20 - Glycogen Metabolism & Hormonal Control of Glucose Metabolism Flashcards Preview

Intro to Biochemistry > 20 - Glycogen Metabolism & Hormonal Control of Glucose Metabolism > Flashcards

Flashcards in 20 - Glycogen Metabolism & Hormonal Control of Glucose Metabolism Deck (19):

What is glycogen?

Reversible storage of glucose, can be made into glucose-1-phosphate by glycogenolysis

Glucose-1-phosphate can be made into glycogen by glycogen synthesis

Glycogen is a highly branched polymer of glucose with various non-reducing ends, branch points and reducing ends


What is glycogen synthesized from?

glucose-1-phosphate, which is from glucose-6-phosphate


What type of bonds in glycogen are straight chain? Branch points?

Straight chain: alpha 1-4 glycosidic bonds

Branch point: alpha 1-6 glycosidic bonds


What enzyme converts glucose-6-phosphate to glucose-1-phosphate? (so that G1P can be converted to glycogen)



What are the steps in the synthesis of glycogen?

1. Activation of glucose by linkage to UTP. Glucose-1-phosphate reacts with UTP to form UDP-glucose (this costs energy when pyrophosphate is released)
2. Formation of alpha 1-4 glycosidic bonds as the chain is lengthened by glycogen synthase (regulatory step of glycogen synthesis)
3. Generation of branch points by glycogen branching enzyme. Whole chunks of glycogen chain are added onto another chain forming alpha 1-6 glycosidic bonds


What is the regulatory step of glycogen synthesis?

The lengthening of the chain by glycogen synthase forming alpha 1-4 glycosidic bonds


What are the steps of glycogen degradation?

1. Glycogen phosphorylase cleaves alpha 1-4 bonds by substitution of a phosphate group (phosphorolysis). Breakdown until 4 linked glucose units are left on branch
2. Transferase/debranching enzyme transfers remaining 3 glucose units to another terminal of glycogen (alpha 1-4 bond)
3. alpha 1-6 glucosidase removes the final glucose
4. Phosphoglucomutase converts glucose-1-phosphate form the glycogen phosphorylase reaction to glucose-6-phosphate
5. Glucose-6-phosphatase dephosphorylates G6P to glucose (nearly exclusively in the liver, not in muscle!)


Why does glycogen not get broken down in muscles?

Because muscles don't have glucose-6-phosphatase to convert it to glucose. G6P couldn't be transported to the liver anyways because it is phosphorylated (and therefore can't leave the cell)

Glycogen-derived glucose, however, is only used for muscle activity, it is not distributed throughout the body.


What is glycogenesis?

Energy/glucose storage as glycogen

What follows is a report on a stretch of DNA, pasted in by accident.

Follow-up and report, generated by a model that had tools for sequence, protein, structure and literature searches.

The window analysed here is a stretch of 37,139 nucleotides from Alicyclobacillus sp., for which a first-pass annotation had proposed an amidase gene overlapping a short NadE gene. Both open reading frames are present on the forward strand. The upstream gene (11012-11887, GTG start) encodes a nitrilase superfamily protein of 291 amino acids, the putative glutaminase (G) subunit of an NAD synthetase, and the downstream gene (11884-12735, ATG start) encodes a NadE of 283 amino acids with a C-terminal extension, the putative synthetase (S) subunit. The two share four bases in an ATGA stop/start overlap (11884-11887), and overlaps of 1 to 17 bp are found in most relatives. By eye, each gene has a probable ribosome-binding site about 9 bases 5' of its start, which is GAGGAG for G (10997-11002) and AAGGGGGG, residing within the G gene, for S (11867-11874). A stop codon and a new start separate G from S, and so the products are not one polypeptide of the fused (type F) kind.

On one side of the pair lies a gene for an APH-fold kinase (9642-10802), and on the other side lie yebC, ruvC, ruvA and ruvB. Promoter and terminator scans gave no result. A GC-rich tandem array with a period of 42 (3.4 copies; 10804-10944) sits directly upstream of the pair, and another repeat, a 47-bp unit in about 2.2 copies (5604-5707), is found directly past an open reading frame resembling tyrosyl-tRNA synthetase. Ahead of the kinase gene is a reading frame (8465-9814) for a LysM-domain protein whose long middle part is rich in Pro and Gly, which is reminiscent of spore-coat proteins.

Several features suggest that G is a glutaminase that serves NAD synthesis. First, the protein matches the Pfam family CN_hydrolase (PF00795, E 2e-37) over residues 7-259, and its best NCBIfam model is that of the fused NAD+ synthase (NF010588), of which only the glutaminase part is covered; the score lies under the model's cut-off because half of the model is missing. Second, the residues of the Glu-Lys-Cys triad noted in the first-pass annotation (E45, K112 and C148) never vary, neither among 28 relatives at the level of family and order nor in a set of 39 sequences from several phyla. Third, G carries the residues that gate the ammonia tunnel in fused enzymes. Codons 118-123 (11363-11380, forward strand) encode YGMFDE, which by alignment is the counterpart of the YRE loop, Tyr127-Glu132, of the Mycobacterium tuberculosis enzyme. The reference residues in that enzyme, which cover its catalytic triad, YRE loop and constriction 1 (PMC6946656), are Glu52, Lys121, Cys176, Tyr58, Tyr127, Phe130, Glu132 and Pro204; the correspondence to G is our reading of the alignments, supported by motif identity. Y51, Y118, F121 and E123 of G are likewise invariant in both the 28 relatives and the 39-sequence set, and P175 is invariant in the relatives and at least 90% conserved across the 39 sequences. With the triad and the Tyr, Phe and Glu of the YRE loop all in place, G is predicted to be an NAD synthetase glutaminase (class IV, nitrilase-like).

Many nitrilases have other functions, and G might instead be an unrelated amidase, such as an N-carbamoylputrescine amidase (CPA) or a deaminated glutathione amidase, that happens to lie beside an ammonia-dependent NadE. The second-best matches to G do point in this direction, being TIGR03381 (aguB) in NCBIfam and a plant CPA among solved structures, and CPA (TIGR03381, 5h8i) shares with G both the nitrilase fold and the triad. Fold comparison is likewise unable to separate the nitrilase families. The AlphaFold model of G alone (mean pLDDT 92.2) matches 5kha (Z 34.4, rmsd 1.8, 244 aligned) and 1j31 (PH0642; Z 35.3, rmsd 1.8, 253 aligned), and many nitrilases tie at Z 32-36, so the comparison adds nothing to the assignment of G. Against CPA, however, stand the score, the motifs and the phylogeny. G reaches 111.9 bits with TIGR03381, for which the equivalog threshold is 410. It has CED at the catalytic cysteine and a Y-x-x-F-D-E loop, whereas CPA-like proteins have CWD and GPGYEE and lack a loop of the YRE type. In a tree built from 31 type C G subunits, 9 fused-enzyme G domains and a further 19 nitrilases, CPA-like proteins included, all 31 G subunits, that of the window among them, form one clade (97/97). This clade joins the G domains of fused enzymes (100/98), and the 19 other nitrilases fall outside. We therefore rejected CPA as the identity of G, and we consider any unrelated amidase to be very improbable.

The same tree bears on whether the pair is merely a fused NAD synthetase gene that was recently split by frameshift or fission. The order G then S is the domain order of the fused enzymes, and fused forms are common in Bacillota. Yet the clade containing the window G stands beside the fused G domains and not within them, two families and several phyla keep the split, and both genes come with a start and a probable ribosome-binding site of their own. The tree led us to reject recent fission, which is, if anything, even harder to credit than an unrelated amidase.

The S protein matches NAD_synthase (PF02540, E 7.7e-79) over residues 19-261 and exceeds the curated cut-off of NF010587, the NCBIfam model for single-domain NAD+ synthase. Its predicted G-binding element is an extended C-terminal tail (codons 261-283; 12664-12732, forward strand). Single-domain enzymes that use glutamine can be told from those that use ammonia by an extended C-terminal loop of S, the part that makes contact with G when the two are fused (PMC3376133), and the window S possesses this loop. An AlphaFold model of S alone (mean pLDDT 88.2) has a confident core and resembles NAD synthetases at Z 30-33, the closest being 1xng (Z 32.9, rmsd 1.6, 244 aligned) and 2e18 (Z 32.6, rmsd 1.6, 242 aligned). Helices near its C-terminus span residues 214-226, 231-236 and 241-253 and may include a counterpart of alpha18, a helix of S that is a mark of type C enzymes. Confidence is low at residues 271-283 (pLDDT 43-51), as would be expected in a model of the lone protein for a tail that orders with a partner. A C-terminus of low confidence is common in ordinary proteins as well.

What is glycogenolysis?

Mobilizing energy/glucose from glycogen when needed in muscles (though the process happens in the liver)


How is glycogen metabolism regulated?

Phosphorylation activated glycogen phosphorylase but inactivates glycogen synthase, making sure that the same signal stimualtes one direction and inhibits the other so that reactions are reciprocally controlled and futile cycles don't occur

Control of this phosphorylase activity happens with allosteric regulation, where glycogen breakdown is stimulated by AMP (low energy) and inhibited by ATP (high energy) and the product (G6P)

But in the liver we need a second level of regulation for integration with the needs of the rest of the body, regulation by external signals is used.

The external signal is phosphorylase kinase, which is only inhibited by glucose. It phosphorylates the phosphorylase to inhibit its ability to stimulate breakdown of glycogen (so that more glycogen can be made form the excess glucose)

Because phosphorylase kinase is only regulated by glucose, glycogen can be broken down to glucose even if the cell has sufficient energy (allowing it to provide glucose for muscles)


Does phosphorylase activity increase or decease when blood glucose increases?

decreases, phosphorylase activity acts to stimulate breakdown of glycogen

Glycogen synthase on the other hand becomes more active when blood glucose increases


What is the hormonal response to low blood glucose?

1. Glucagon secreted from pancreas
2. Glucagon stimulates cAMP formation which activates protein kinase A
3. PKA initiates a phosphorylation cascade to activate glycogen phosphorylase and inhibit glycogen synthase
4. Breakdown of glycogen to glucose to supply glucose to the rest of the body

Only the liver, not the muscle reacts to glucagon. Muscle keeps glycogen for activity, no coordination with blood glucose levels.


What is the hormonal response to high blood glucose?

1. Insulin secretion from pancreas
2. Insulin activates phosphoprotein phosphatase in muscle and liver
3. Dephosphorylation and activation of glycogen synthase
4. Dephosphorylation and inhibition of glycogen phosphorylase
5. Storage of glucose as glycogen in muscle and liver

In muscle, allosteric regulation of glycogen phosphorylase is important. In the liver, most regulation is through phosphorylation.

Insulin does not directly inhibit adenylate cyclase and its activation of PKA, it inhibits secretion of glucagon and epinephrine.


How does glucagon and epinephrine stimulate breakdown of glycogen?

Glucagon and epinephrine activate adenylate cyclase to synthesize cyclic AMP (cAMP). cAMP triggers a phosphorylation cascade to activate glycogen phosphorylase (which will then cause the breakdown of glycogen)


What enzyme causes the breakdown of glycogen?

Glycogen phosphorylase


Do glucagon and epinephrine promote or inhibit the phosphorylation of glycogen phosphorylase and glycogen synthase?

They promote it, causing glycogen breakdown


Does insulin promote or inhibit the dephosphorylation of glycogen phosphorylase and glycogen synthase?

It promotes the dephosphorylation of glycogen phosphorylase and glycogen synthase so that glycogen synthesis will occur


What is McArdle disease?

Lack of glycogen phosphorylase, leading to lack of energy during exercise due to inability to breakdown muscle glycogen